The Blue Room of the White House annually features the official indoor Christmas tree of the President and his family. The Blue Room Christmas Tree normally stands between 18-20 feet tall (the tree is so tall that the Blue Room’s chandelier is removed during the holidays) and is donated by the National Christmas Tree Association which chooses a tree from a grower determined in a NCTA contest each year. More Blue Room Christmas Trees have come from North Carolina than any other state in the nation.
The first Christmas tree installed in the White House wasn’t until the Presidency of Franklin Pierce in the 1850’s and the history of White House Christmas trees is incomplete with no mention of another tree in the President’s house until the term of Benjamin Harrison, three decades after Pierce. After Harrison, White House Christmas trees were more common, yet still not a tradition. During his term, Theodore Roosevelt frequently did not have a tree in the White House — one year it was due to the fact that TR didn’t order one quickly enough for delivery by Christmas.
It is believed that every President since Hoover in 1929 has had an indoor Christmas tree in the White House and the indoor trees are usually decorated or dedicated by the First Lady. Since Jacqueline Kennedy started the tradition in 1961, First Ladies have chosen an annual theme for the Blue Room tree’s decorations. The 1961 theme that Jackie Kennedy picked was based on the Nutcracker Suite while the theme chosen by Michelle Obama is “Shine, Give, Share”.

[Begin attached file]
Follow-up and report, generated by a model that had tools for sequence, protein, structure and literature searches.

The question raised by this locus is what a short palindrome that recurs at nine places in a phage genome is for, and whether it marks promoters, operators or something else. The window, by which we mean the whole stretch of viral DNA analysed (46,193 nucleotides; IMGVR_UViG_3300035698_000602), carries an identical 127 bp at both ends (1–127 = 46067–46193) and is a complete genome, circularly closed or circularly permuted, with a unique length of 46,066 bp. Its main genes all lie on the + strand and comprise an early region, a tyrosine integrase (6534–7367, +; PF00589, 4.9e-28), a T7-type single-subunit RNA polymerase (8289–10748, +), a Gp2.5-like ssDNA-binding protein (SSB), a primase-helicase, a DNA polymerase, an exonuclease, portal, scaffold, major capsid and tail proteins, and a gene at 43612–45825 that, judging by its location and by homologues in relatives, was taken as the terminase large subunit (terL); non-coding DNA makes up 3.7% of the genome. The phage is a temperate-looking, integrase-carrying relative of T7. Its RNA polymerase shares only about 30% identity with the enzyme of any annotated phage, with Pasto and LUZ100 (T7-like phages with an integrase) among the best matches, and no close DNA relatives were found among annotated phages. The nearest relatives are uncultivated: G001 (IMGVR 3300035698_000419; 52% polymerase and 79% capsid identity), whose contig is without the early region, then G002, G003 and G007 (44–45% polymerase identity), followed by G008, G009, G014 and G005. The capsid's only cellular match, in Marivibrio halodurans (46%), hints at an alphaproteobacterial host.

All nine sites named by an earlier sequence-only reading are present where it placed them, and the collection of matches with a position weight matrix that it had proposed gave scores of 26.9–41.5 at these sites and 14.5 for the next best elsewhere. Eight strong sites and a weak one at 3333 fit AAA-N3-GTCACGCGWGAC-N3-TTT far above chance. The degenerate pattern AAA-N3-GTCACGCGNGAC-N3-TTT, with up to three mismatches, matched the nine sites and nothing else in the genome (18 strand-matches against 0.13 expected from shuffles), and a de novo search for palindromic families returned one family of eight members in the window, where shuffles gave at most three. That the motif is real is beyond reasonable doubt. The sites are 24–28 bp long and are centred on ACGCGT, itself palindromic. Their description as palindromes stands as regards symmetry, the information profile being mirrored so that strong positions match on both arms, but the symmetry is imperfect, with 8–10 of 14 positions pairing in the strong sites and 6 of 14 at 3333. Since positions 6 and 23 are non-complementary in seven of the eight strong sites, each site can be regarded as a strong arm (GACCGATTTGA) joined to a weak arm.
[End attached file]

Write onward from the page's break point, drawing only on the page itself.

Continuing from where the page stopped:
Of course, the Blue Room Christmas tree isn’t the only Christmas tree in the White House. There are often smaller trees decorated in various parts of the Executive Mansion, including a private tree decorated by the President’s family in the White House Residence. While White House Christmas trees were infrequent or intermittent in the 19th Century, a visitor to the White House in the 21st Century might find up to 40 Christmas trees inside the Executive Mansion as well as decorated trees on the grounds of the White House.
The President and his family are also responsible for dedicating and lighting the National Christmas tree which is located on the Ellipse directly to the south of the White House gates. In 1923, Calvin Coolidge was the first President to light the National Christmas tree and until 1978 the National tree was a cut tree that had been transported to Washington and placed near the White House for decoration.
In 1978, during the Carter Administration, the National Park Service planted a live tree that they found in Pennsylvania and determined would thrive in Washington year-round. Thus, the National Christmas Tree is now a living tree (47 years old) that stands 42 feet tall near the White House in all seasons but is decorated for holiday display each Christmas.